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Noah’s Ark – Currier & Ives

I have not one but two books for you today that are essentially biblical fan fiction.  Both Before the Flood by A.A. Milne and Many Waters by Madeleine L’Engle are (as their titles might suggest) based on the story of Noah’s ark but that is all they have in common.

Before the Flood by A.A. Milne is a one-act play but not, I think, the kind of play most churches would pick to perform at any of their events, despite the biblical origins of the story.  Milne imagines the domestic affairs in Noah’s home in the months between him receiving his divine instructions to build the ark and the day when the rains begin.  The question hanging over them all – Noah’s wife, his three sons and their respective wives – is whether the floods will actually come and be quite as extreme as Noah has been ‘told’.  It can be quite amusing at times, as the family debates the ark-related logistics that Noah’s divine instructions do not account for: how can they bring all those animals on board and prevent the predators from eating their natural prey?  If the animals aren’t going to eat one another, what are they going to eat?  Does the family need to bring extra animals on board for catering purposes?  On the whole though, it is not the best of Milne’s work and easily my least favourite of his plays.  I only laughed once, when, after Noah tells his family that they will be the only ones to survive the coming flood, one of the sons turns to his wife and says “Aren’t you glad now that you married into this family?” (or words to that effect).   The book ends when the rain starts to fall, leaving the question of whether Noah is a prophet or a madman unanswered.

Many Waters by Madeleine L’Engle, on the other, leaves no doubt as to the veracity of Noah’s claims.  In fact, Noah is but a minor character and he and his ark are ignored for a large portion of the book.  The focus in this children’s book from 1986 is on the interaction between the earthly and divine in this imagined pre-flood world where angels walk among men.  As soon as I started reading, I remembered why I found this book so weirdly fascinating when I was young.  Not good, necessarily, but fascinating.  It is the fourth book in the “Time Quartet”, the series that begins with A Wrinkle in Time, L’Engle’s most famous book, but it was the only one I ever felt compelled to reread.  The mechanics of L’Engle’s idea of time/space travel never appealed to me but seraphim and nephilim, for some reason, did.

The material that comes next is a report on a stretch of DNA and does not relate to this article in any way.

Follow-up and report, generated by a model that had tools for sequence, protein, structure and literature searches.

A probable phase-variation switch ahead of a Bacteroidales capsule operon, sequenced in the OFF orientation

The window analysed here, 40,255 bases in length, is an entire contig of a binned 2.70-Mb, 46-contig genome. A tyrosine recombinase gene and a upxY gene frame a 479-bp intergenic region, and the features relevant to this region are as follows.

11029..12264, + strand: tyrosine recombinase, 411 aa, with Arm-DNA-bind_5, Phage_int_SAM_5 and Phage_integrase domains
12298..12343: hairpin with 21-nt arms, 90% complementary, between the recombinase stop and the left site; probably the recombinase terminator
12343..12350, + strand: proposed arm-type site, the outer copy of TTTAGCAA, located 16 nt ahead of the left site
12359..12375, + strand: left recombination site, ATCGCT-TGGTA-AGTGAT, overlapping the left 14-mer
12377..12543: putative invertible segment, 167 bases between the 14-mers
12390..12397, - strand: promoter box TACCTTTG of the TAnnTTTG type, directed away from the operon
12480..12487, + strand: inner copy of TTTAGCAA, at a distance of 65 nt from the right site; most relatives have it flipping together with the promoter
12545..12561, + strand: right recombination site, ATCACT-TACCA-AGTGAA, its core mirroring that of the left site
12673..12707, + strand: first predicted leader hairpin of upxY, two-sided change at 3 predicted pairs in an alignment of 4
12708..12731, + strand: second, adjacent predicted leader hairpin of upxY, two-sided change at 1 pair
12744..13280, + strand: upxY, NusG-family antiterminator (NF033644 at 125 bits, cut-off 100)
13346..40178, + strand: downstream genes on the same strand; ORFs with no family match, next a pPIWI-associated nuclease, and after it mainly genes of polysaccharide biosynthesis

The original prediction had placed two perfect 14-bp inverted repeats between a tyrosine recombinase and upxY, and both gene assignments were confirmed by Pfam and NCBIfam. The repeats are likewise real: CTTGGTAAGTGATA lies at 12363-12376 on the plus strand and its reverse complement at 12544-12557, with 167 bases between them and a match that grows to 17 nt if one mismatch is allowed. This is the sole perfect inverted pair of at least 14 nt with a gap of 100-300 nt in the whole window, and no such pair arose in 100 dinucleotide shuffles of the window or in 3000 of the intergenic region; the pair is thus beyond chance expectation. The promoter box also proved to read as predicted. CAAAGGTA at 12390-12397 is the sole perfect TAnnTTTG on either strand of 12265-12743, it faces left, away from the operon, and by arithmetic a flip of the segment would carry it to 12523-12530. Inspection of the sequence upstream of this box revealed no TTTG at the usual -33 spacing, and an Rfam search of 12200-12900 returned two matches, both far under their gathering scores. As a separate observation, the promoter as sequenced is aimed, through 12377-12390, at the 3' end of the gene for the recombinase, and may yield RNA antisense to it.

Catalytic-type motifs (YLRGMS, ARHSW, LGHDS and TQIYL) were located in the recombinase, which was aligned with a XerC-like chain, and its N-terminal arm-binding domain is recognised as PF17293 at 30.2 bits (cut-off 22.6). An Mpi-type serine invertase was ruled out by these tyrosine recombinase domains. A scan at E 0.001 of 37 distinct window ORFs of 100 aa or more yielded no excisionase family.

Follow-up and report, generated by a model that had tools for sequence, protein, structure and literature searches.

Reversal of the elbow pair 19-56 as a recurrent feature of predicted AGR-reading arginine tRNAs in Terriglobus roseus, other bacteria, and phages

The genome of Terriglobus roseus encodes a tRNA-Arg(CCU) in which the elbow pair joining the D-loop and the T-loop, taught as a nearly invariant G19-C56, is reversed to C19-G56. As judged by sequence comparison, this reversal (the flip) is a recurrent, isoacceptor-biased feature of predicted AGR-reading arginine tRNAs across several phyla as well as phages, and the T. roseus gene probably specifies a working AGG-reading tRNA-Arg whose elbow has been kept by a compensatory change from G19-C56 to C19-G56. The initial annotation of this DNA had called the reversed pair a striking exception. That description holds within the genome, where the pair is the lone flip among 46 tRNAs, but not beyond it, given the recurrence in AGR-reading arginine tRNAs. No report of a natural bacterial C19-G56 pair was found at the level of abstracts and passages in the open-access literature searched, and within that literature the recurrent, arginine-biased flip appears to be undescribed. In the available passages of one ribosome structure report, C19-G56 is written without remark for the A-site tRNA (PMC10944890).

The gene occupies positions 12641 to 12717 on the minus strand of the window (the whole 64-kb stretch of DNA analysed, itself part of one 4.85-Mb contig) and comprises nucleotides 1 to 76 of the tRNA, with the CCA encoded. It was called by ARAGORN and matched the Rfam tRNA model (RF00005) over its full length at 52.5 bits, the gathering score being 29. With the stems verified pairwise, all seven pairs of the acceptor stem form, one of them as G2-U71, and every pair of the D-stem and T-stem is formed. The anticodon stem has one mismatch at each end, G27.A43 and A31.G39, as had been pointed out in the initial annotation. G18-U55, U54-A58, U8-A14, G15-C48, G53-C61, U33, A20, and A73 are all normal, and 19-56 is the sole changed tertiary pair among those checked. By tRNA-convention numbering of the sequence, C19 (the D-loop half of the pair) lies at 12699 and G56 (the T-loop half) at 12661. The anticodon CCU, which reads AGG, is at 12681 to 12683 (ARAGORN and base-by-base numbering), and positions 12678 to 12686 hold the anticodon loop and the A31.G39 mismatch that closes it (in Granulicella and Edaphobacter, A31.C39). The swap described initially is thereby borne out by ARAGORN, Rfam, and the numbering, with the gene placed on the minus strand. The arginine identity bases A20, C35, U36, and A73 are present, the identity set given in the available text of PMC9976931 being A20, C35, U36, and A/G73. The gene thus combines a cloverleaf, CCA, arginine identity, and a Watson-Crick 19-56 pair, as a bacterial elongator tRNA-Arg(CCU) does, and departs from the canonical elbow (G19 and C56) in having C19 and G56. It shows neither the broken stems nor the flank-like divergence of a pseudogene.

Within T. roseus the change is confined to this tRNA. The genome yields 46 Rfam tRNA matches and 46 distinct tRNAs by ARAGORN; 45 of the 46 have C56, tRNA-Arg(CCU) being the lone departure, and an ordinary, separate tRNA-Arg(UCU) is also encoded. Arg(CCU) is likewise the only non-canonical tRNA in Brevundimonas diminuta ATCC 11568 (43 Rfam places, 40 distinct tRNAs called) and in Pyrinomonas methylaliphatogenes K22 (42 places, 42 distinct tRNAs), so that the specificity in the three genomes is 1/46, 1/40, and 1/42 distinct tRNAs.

Sandy and Dennys Murry, the teenage twins who find themselves transported back to (they eventually realise) biblical times after disturbing an experiment in their parents’ home lab, are not remotely interesting.  They are flat and really unbelievably stupid at times.  Stuck thousands of years out of their own time period, they are remarkably relaxed, even with their knowledge of what is about to happen.  Having befriended Noah and his family, they are perfectly content to work in the garden, help build the ark when the time comes, and pine after Noah’s youngest daughter, Yalith.  Yalith is far more developed than either of the boys – all the female characters are – but still not very compelling.  Still, she doesn’t need to be.  This is not a book that requires in-depth characterization.  Instead, we get to read a lot about sex, which some might find slightly surprising for such a religious book.  There is a worrying but not entirely consistent tendency to equate sexual promiscuity with evil but the real message is that sex is a good thing for those in a loving relationship (not necessarily marriage) and a lack of emotional involvement cheapens what should be an intimate experience between two people.  That, as well as a general opening of the twins’ minds to outlandish possibilities, seems to be the main lesson they learn over the course of the book.

Honestly, neither book is particularly excellent.  Many Waters can feel stilted in its need to over explain both its scientific and religious elements and Before the Flood, though it asks the questions any skeptic ponders while reading the story of Noah, does not do so with Milne’s usual energy and so the story drags along.  Both author’s approaches are interesting but their execution is lacklustre.

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I loved Doomsday Book by Connie Willis and am so relieved to be able to say that.  After being amused but not impressed by To Say Nothing of the Dog and incredibly disappointed by Blackout and All Clear, I was ready to write Willis off completely.  But not before reading Doomsday Book, which has been on my TBR list since I was fourteen.  That is twelve years.  I may have taken my time to get to it but it was worth the wait.